Last month thousands of individuals rallied in Washington, DC calling on President Obama to reject the Keystone XL pipeline. The Cowboy Indian Alliance, including ranchers, farmers, and members of indigenous communities from along the proposed pipeline route set up the â€œReject and Protectâ€ encampment near the White House to show solidarity and send a message to the administration about the risks that pipeline expansion poses to our land and water.
Join us next Friday May 30 from 10-11am PDT (1-2pm EDT) for â€œRejecting Pipeline Expansion: Organizing Lessons from the Cowboy Indian Allianceâ€ to hear from three inspiring individuals who have been actively fighting pipeline construction through powerfully diverse alliances; Clayton Thomas-Muller, Dallas Goldtooth, and Julia Trigg Crawford. Climate Access executive director, Cara Pike will moderate a discussion about the common interests that brought together the Cowboy Indian Alliance and the role of indigenous organizing on climate and energy issues across the U.S. and Canada.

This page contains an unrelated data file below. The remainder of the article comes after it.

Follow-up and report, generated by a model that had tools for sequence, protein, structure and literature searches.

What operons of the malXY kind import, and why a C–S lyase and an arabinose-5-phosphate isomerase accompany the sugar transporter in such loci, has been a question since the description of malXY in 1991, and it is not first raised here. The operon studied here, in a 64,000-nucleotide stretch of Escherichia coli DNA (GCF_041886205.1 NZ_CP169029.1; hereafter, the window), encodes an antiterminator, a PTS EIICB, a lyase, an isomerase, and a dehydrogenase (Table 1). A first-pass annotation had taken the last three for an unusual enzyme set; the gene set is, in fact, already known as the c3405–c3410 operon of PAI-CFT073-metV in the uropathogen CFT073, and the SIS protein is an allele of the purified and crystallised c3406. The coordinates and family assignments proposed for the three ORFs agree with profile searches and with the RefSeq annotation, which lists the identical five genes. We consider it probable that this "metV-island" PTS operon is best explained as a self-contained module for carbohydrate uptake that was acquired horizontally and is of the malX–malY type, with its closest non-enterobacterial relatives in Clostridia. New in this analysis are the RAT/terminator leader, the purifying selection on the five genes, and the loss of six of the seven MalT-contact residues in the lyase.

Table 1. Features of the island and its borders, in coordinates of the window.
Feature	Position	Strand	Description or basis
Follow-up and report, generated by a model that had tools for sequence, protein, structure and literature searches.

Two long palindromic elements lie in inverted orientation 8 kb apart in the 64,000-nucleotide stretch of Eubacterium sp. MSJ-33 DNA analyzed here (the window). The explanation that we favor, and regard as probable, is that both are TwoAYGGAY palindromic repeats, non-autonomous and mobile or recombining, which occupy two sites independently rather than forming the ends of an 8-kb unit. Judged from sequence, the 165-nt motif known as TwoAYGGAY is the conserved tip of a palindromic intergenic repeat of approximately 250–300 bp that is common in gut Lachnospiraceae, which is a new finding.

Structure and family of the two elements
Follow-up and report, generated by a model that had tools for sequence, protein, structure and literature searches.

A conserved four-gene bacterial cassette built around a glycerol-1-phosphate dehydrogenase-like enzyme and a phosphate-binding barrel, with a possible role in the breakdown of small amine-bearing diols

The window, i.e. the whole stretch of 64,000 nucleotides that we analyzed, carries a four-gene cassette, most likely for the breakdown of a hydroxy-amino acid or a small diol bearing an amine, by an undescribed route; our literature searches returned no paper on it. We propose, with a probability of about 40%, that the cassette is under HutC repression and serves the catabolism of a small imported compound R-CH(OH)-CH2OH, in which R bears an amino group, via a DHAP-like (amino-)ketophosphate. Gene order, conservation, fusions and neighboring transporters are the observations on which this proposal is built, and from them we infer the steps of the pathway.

Clayton Thomas-Muller is an organizer, facilitator, public speaker and writer on environmental justice and indigenous rights. He is the Co-Director of the Indigenous Tar Sands Campaign and a Campaigner with Idle No More.
Dallas Goldtooth is a community organizer for the Indigenous Environmental Network and a Dakota culture educator. He is also one of the co-founders of the nationally known comedy group, The 1491s. He is a youth worker, activist, poet, traditional artist, powwow emcee, and comedian.
Julia Trigg Crawford manages her family's farm in northeast Texas. Her land was taken through eminent domain for the southern leg of the Keystone XL pipeline, which she fought all the way to the Texas Supreme Court. Through Texas Pipeline Watch she continues to fight for property rights and eminent domain reform.
The roundtable is exclusive for Climate Access members. Not a member yet? Please apply here.